After 11 years of making patients “open wide”, dentist DeVon Binns is selling his practice DaVinci Dental.
Next Wednesday, Aleesha Maybury will become the new owner of the business on Washington Street.
“It was a tough decision,” Dr Binns admitted.
But the change was necessary, because Dr Binns has received a Harvard University surgical dental implant fellowship in Boston, Massachusetts. For the next two to three years he will be taking an advanced course in implantology.
“Harvard University continues to be a world leader in the field of implantology and digital dentistry and I will have the opportunity to work one-on-one with giants in the industry on a daily basis,” he said.
“The fellowship matriculates just two residents a year from a pool of worldwide applicants, so getting accepted felt a bit like winning the lottery.”
When he returns he will have a more specialised practice that will be almost exclusively implant based.
His patients will have lost teeth due to things such as extreme bone loss, illness or accident.
“There is most definitely a need for this,” he said. “Implantology is headed towards becoming the standard of care for replacing missing teeth. I believe that just like the advancement of computers in our lives, implants will become a first option as opposed to second or third option for tooth replacement.”
He said traditional removable dentures are being phased out.
“In the next ten or 20 years almost all forms of dental restorations will probably be supported by implants,” he said.
Dr Binns said understanding the digital aspect of diagnosis and treatment will be an important part of his training.
When the 44-year-old was first in dental school he learnt a lot in two dimensional imaging, but now imaging is almost exclusively in three dimensions.
“Treatment can be a lot more predictable than in years gone by,” he said. “The speed we can fabricate prosthetics is a lot faster.”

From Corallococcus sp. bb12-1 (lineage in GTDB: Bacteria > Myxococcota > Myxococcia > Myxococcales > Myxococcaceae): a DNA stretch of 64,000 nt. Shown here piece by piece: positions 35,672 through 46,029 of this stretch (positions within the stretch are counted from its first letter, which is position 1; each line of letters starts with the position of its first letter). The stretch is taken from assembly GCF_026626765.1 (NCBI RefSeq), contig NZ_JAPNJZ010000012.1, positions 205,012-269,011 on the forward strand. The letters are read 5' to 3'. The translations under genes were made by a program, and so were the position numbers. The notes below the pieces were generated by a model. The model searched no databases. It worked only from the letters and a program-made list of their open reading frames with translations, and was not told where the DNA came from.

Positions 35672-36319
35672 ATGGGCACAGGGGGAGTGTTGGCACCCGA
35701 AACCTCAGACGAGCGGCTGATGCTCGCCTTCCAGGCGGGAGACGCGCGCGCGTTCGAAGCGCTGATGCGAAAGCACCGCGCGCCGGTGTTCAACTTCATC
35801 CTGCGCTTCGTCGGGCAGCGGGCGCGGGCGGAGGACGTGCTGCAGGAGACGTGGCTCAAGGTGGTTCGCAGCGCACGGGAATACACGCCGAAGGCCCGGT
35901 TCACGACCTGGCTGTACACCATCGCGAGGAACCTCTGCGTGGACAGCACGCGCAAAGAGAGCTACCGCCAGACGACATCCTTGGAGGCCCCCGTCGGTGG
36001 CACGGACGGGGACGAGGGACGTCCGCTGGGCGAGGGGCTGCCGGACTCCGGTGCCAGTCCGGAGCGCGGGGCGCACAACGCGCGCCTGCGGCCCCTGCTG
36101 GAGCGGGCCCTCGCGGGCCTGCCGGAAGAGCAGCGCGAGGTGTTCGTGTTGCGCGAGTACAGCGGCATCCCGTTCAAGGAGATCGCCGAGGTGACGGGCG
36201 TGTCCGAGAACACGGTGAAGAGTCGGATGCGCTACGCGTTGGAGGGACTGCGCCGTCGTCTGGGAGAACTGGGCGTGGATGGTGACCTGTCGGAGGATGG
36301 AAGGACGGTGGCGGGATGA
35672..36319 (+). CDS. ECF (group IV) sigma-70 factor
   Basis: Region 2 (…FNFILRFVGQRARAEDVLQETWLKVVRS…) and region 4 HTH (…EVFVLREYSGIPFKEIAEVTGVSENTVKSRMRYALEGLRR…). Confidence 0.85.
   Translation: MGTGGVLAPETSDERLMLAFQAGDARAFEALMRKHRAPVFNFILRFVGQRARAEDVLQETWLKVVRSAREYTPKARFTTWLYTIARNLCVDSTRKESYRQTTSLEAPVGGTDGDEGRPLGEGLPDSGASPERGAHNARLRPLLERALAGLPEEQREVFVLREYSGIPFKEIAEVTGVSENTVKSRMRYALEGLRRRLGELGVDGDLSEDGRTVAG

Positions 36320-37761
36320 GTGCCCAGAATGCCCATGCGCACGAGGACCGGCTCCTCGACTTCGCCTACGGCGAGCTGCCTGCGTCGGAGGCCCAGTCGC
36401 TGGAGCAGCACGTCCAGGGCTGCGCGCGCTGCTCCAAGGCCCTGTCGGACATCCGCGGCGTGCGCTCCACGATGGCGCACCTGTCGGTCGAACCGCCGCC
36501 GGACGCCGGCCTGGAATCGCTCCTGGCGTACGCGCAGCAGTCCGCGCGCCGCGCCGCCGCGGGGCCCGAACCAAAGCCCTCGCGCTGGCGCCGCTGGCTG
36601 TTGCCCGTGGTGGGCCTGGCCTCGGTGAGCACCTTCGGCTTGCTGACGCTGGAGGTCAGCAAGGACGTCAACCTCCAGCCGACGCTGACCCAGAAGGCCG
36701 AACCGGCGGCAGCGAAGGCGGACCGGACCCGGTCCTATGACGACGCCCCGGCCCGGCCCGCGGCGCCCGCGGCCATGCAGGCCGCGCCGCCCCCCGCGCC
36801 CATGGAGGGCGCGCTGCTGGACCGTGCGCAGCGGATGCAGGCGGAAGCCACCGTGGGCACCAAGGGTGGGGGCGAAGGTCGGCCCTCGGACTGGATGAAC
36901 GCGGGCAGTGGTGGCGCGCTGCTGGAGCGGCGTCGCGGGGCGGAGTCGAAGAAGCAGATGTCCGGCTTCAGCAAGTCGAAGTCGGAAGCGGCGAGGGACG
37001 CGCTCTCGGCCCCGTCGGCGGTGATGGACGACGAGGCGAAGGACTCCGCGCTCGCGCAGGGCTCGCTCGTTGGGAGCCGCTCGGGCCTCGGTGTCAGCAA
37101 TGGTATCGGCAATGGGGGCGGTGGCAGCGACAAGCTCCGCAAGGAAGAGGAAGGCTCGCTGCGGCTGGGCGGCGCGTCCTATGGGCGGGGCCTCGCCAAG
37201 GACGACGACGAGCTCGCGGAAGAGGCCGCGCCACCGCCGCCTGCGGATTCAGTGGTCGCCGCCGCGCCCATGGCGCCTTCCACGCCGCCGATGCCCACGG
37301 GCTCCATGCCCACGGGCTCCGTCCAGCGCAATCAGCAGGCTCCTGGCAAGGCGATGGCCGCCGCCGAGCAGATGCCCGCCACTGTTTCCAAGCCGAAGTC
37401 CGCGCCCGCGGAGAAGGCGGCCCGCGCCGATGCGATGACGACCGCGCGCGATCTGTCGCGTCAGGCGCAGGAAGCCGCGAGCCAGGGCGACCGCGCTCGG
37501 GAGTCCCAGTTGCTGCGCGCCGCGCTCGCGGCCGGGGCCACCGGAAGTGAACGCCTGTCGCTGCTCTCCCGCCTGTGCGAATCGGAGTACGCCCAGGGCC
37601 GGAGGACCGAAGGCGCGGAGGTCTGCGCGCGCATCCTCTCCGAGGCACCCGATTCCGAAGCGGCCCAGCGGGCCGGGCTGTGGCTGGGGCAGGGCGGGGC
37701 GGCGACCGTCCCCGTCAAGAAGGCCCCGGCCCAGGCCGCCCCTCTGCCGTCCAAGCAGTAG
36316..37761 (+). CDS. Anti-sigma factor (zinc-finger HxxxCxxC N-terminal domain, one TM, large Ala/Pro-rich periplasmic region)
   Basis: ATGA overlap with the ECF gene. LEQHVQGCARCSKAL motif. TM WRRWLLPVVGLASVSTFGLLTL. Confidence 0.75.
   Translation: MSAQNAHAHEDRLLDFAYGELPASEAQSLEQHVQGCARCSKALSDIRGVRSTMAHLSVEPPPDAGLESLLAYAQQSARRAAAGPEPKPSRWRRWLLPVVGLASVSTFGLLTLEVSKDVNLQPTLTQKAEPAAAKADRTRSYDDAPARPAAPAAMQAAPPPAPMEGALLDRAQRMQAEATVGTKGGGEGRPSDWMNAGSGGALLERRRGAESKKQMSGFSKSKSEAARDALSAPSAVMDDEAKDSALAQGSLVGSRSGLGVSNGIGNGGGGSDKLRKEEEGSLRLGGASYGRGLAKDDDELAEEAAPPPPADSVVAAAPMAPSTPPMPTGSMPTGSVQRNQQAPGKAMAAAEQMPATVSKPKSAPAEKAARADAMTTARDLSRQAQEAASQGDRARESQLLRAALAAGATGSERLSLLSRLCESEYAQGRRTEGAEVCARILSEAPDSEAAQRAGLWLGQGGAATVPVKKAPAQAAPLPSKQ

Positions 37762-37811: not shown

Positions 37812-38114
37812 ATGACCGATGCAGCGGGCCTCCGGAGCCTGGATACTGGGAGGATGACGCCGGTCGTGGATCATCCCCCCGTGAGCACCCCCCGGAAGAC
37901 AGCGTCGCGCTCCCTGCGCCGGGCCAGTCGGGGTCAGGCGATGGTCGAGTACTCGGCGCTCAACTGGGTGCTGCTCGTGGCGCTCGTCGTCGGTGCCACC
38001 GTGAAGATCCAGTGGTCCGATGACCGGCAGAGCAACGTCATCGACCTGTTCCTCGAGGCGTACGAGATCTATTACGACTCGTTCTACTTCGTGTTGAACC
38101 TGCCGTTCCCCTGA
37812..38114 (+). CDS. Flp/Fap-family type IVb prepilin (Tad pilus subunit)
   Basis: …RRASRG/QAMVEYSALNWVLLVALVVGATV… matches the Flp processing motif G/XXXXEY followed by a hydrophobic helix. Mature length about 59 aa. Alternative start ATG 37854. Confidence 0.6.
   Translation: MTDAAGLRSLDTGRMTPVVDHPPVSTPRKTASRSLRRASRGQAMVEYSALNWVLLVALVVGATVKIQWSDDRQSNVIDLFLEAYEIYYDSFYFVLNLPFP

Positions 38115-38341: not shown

He’ll be based near Massachusetts General Hospital in Boston.
“Mass General is Harvard’s teaching hospital so I will have to do rotations,” he said.
As a teenager he was inspired by his godfather, dentist Vincent Bridgewater, to go into dentistry. When he finished his schooling, he worked for Dr Bridgewater for several years, before starting his own practice in 2008.
He feels the strongest thing about DaVinci Dental, was the doctor-to-patient contact.
“We tried very hard to make people feel special and comfortable in each treatment session,” he said. “We often got positive feedback.”
When he told his patients he was selling his business, they were upset he was leaving, but supportive of his educational plans.
He thanked his patients for their trust and support over the years.
“I also want patients to know that despite their universal reluctance to visit the office, usually verified with the quotidian ‘Doc, I like you, but I hate coming here’, that started most appointments, I gave them my absolute best each and every time they sat in my chair,” he said.
“I want everyone to know that I am not leaving them per se, but am simply adhering to my responsibilities as a healthcare provider for lifelong learning.”
Dr Binns also thanked his staff, and called them “unsung heroes”.
He is not nervous about going back to school, but thinks he will be anxious to get back to the private sector.
“But I know this is a small side step in order to go forward,” Dr Binns said.
He said he is leaving his patients in Dr Maybury’s “very capable hands”.
“She has 18 years of dental experience as a hygienist and ten years as a dentist,” he said.
Dr Maybury is now accepting new patients at DaVinci Dental. Children are welcome. DaVinci Dental will be offering all general dentistry, Invisalign and dental implants.